What is genetic testing?

10.1 Genetic information may come from many sources. These sources include a person’s family medical history, a clinical examination that diagnoses a genetic disorder, or a scientific test.

10.2 Scientific tests that reveal genetic information are of varying types.

    • Some genetic tests (here called DNA tests) directly analyse DNA or RNA. For example, testing of a genetic sequence may be undertaken by targeting a segment of DNA or RNA using a process known as polymerase chain reaction (PCR). This process, which was developed through the pioneering work of Kary Mullis and others at the Cetus Corporation in California in 1985 and led to the award of a Nobel Prize, enables the DNA from a single cell to be reproduced in large amounts (that is, amplified) for testing.[1]

    • Some tests do not analyse DNA or RNA material directly but test the biological products of particular genes. The measurement of certain proteins produced by genes, or certain metabolites, may reveal valuable information about gene function itself. For example, since the 1960s newborn screening programs have tested for phenylketonuria, galactosaemia and other genetic disorders. Some of these tests do not involve PCR analysis but still produce valuable genetic information.

    • Some routine biochemical tests of non-genetic substances may also reveal genetic information. For example, a positive test for high cholesterol or occult faecal blood may be the consequence of mutations in the genes conferring susceptibility to heart disease or colon cancer, respectively.[2] In an appropriate clinical setting, results of these biochemical tests may provide strong indicators of particular genetic disorders.

    • Some genetic diagnoses are made on the basis of the morphological characteristics of certain cells, tissues or at postmortem examination. Examples include the microscopic appearance of red blood cells in thalassaemia; the characteristic electro–microscopic appearances of the skin in epidermolysis bullosa, or the constellation of signs identified at postmortem in a foetus with skeletal dysplasia.[3]

    • Finally, some medical imaging processes reveal important genetic information. For example, nuchal translucency is an imaging procedure that is sometimes performed on a human foetus in utero. By measuring the presence of abnormal swelling under the skin at the back of the foetus’s neck, clinicians can predict a likelihood that the baby will have the genetic condition Down Syndrome.

10.3 During the course of the Inquiry different views emerged as to which of the five types of tests described above should properly be regarded as genetic tests. There was general agreement that the first and second categories (namely, the direct testing of genetic material and the testing of the biological products of genes) are appropriately described in this way. However, the status of the other three categories was contested. Some people appeared content to describe these tests as genetic tests; others took the view that they are non-genetic tests that may reveal genetic information.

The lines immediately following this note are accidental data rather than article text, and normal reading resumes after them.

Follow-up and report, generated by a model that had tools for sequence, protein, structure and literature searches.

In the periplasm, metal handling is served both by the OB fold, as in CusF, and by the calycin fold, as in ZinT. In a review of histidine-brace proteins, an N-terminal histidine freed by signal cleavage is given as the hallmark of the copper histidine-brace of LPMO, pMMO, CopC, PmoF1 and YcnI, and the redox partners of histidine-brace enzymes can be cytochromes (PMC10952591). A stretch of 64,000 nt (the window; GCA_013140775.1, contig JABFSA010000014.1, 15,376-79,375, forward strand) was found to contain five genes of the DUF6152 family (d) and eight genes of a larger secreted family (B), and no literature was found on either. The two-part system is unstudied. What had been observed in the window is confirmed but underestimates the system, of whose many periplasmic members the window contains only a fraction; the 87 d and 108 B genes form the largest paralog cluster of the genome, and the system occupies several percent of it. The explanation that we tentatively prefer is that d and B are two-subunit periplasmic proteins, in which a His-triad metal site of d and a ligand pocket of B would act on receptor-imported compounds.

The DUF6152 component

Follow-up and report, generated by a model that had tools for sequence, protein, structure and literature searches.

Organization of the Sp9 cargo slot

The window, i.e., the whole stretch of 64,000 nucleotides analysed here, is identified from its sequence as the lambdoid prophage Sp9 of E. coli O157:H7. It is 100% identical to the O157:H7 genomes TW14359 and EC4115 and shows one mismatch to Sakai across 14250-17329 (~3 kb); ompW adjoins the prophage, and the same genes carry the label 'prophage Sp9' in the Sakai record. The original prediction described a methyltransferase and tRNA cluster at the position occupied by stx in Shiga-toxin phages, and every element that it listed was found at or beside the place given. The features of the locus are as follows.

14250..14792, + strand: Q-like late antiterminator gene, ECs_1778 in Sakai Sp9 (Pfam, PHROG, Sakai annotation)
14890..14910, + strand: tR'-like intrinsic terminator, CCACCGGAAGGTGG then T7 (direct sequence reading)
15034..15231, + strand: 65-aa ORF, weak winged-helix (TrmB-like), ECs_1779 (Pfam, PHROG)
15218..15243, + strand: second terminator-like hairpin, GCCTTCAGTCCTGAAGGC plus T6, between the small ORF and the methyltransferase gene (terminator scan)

10.4 The difference in description may assume importance in situations in which particular regulatory consequences flow from the classification of a test as genetic or non-genetic. For example, the peak body representing life insurers in Australia, the Investment and Financial Services Association, has developed a genetic testing policy for the industry, which regulates the use of genetic tests in underwriting life insurance products. For the purpose of the policy, a ‘genetic test’ is defined to mean

the direct analysis of DNA, RNA, genes or chromosomes for the purpose of determining inherited predisposition to a particular disease or group of diseases, but excluding DNA, RNA, gene or chromosome tests for acquired disease.[4]

10.5 This narrow definition corresponds most closely with the first category of tests described above. The effect is to leave a broad class of other tests, which are not covered by the industry policy and may therefore be dealt with in the traditional, and more liberal, fashion, despite the fact that they may reveal genetic information.

10.6 In many circumstances, however, this Inquiry is not concerned with the description of a particular test as genetic or otherwise. Rather it is concerned with the protection of genetic information, however it may be derived. For this reason, the Inquiry does not consider it necessary to propose a comprehensive definition of what a genetic test is. The Inquiry acknowledges that the direct testing of genetic samples and the testing of the biological products of genes form part of the core conception of genetic testing for the purpose of the Inquiry. Beyond this, much will depend on the context in which the question is asked. It is unlikely that the same answers will be given in the areas of medical research, clinical diagnosis, criminal investigation, or the many other circumstances in which genetic information may be sought and used.

[1] R Trent, Molecular Medicine: An Introductory Text (2nd ed, 1997) Churchill Livingstone, 19.

[2] J Beckwith and J Alper, ‘Reconsidering Genetic Anti-discrimination Legislation’ (1998) 26 Journal of Law, Medicine and Ethics 205, 207.

[3] M Buckley, Correspondence, 15 November 2002.

[4] See Investment and Financial Services Association, IFSA Standard 11.00 ‘Genetic Testing Policy’ (2002), IFSA.